Patriots Draft Spotlight: Devin Funchess

New England has been looking for a second tight end since Aaron Hernandez allegedly started killing people, and Funchess is the type of player that the Patriots could pair with Rob Gronkowski and start deploying their deadly two-tight-end set again, otherwise known as the ACE formation. This allows the Patriots to be very flexible and adjust to any defense they face.

The Patriots thought they had their offense solidified for years to come when they locked up Rob Gronkowski and Aaron Hernandez to long term deals, but they had no idea what was in store for the 2013 offseason. Yes, Gronkowski was battling injuries and that was big news, but the Aaron Hernandez situation went completely off the rails, Hernandez was arrested for first degree murder and charged with two more murders in the summer of 2012. Not only did the Patriots have a public relations nightmare on their hands, they also had a player with a huge price tag sitting in a prison. Two years later, the Patriots are Super Bowl champions again and Rob Gronkowski is healthy and dominant again, but there is still a huge void with the loss of Hernandez. This may be the draft that New England decides to replace the talented but demented Hernandez, and Devin Funchess of Michigan may be able to fill his shoes.

Devin Funchess, the 6'5, 230 pound tight end out of Michigan played his high school football in Michigan too. Funchess attended Harrison High School and had a decorated career before joining the Wolverines. Funchess led the team to the Michigan Division II state title as a junior, making 34 catches for 709 yards and five touchdowns. Funchess had to focus on defense as much as offense as a senior, which did lead to a drop off in offensive production. Funchess finished his senior year with 21 catches for 452 yards and five touchdowns. Defensively, he made three sacks, one forced fumble, one interception and three pass breakups. Funchess was also named to the Detroit News Blue Chip list.

When Funchess arrived at Ann Arbor, he was immediately submitted into the lineup, although not always as a starter. Funchess started five out of 13 games and showed the coaching staff and Michigan fans that he was going to be a handful to cover and fun to watch. Funchess finished 2012 with 15 catches for 234 yards and five touchdowns. Funchess's immediate impact was noticed nationally as he was named to the Football Writers Association of America Freshman All-America Team and the All-Big Ten Freshman Team.

Funchess continued to improve his sophomore year, starting nine of 13 games, totaling 49 catches for 748 yards and six touchdowns. He was named the Big Ten Tight End of the Year, All Big-Ten First Team and Sporting News All-Big Ten Team. Funchess had his best game vs. Minnesota, making seven catches for 151 yards and one touchdown. He followed that performance with a 4 reception, 112 yard, two touchdown explosion vs. Penn State. Funchess was voted All-Big Ten second team by the coaches and first team by the media. Funchess was also honored as the Big Ten Kwalick-Clark Tight End of the Year.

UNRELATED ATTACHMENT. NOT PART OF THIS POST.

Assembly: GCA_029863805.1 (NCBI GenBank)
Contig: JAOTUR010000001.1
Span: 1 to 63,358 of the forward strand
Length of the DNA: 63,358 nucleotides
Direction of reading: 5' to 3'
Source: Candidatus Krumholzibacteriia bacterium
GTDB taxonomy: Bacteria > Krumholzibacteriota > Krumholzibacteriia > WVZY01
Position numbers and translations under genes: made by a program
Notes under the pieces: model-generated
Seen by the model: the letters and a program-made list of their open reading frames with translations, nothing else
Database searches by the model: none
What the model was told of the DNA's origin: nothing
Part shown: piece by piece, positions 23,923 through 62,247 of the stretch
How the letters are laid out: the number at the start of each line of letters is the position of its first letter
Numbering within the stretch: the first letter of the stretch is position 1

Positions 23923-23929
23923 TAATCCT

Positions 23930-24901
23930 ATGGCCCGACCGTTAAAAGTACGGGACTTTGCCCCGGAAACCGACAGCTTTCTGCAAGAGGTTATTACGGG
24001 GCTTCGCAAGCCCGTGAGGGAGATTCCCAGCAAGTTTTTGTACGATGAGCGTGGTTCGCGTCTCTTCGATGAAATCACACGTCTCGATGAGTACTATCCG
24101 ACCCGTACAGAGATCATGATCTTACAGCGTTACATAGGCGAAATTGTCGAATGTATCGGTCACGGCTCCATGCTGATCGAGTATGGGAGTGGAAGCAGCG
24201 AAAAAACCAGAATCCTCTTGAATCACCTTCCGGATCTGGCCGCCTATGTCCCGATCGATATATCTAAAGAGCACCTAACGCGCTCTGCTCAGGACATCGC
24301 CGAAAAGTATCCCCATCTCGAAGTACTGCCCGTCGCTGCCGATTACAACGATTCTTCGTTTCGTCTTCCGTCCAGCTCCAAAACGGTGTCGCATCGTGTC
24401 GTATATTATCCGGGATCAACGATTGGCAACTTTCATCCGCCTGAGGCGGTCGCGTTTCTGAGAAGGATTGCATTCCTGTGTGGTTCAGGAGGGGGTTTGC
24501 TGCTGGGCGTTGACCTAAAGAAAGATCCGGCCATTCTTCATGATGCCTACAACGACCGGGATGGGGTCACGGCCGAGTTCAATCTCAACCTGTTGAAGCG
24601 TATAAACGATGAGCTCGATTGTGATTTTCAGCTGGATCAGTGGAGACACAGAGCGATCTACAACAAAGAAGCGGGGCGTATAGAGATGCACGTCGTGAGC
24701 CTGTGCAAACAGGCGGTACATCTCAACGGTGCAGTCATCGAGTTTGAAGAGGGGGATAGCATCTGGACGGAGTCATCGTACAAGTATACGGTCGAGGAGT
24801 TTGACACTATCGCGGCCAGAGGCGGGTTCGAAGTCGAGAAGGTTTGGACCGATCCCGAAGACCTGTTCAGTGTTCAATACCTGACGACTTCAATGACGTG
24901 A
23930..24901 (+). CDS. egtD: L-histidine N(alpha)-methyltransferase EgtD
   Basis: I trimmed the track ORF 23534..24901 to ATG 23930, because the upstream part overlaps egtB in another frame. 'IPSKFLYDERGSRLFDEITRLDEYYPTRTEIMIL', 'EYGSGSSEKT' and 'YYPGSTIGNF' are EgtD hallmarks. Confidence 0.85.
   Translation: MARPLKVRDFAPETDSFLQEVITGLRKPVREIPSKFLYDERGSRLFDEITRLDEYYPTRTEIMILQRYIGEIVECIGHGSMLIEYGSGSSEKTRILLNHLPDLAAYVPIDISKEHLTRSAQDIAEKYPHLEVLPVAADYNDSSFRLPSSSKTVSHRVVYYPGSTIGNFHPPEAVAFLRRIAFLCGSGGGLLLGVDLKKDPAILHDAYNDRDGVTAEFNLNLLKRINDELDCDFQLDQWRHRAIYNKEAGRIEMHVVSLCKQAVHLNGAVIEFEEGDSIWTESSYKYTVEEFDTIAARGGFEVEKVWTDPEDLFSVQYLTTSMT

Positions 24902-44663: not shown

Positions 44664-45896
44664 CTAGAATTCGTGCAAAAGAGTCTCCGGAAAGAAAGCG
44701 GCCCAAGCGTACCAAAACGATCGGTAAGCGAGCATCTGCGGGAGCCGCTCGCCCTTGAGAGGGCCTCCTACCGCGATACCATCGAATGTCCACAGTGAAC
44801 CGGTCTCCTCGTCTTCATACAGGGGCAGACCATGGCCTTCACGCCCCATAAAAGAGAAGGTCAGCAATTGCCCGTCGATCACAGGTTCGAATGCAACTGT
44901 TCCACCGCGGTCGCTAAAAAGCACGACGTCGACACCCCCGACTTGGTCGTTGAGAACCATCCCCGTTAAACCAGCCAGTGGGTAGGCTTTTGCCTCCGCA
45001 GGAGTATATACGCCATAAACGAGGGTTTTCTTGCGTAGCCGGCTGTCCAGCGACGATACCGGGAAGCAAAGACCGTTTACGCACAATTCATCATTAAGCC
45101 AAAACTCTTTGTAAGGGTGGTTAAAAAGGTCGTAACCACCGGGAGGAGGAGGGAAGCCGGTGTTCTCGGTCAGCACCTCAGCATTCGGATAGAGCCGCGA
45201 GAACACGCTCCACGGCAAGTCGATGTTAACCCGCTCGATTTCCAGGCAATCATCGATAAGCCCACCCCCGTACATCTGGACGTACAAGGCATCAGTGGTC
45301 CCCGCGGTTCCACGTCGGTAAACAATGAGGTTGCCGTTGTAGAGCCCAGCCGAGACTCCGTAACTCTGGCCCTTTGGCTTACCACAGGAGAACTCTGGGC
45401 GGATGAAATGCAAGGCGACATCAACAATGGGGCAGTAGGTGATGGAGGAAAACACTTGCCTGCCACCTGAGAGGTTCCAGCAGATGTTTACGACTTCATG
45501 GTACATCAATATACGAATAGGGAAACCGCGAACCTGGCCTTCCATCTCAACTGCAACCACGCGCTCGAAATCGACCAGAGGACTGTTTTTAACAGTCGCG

2014 was more of the same from Funchess; strong statistics and continued growth in his overall game. Funchess finished the season with 62 catches, 733 yards, and four touchdowns. Funchess wasn't as explosive as his freshman and sophomore year, but part of the reason was that defenses were keying on him. He still managed to add thirteen catches to his total from a year before and prove that he can produce even when he is the target the defense is trying to stop. Once again Funchess was voted All Big-Ten Second Team by the coaches and Funchess also started every game for the first time at Michigan. Funchess blew up vs. Appalachian State, making seven catches for 95 yards and three touchdowns. The following week he had nine catches for 107 yards at Notre Dame, so his explosive week against a lesser opponent in Appalachian State was not an aberration. Funchess became a weapon, and Michigan used him as much as possible.

Funchess decided to forgo his senior year and declare for the draft as a true junior. Funchess didn't have a great combine (4.70 in the 40, 17 reps on the bench, 38.5 vertical leap, and 122 inch broad jump) but players that are 6'5 and know how to use their large frames can get away with being slightly slower. If Funchess is to become a complete tight end in the NFL, he'll need to get stronger to become a better blocker. One reason Funchess may not be a strong fit in New England is redundancy- he is very similar to Tim Wright, but having three tight ends who are matchup nightmares is not the worst scenario, especially for a gifted game-planner like Belichick. The Patriots need more weapons in the passing game, so even with the presence of Wright, Funchess may still be an option for New England.

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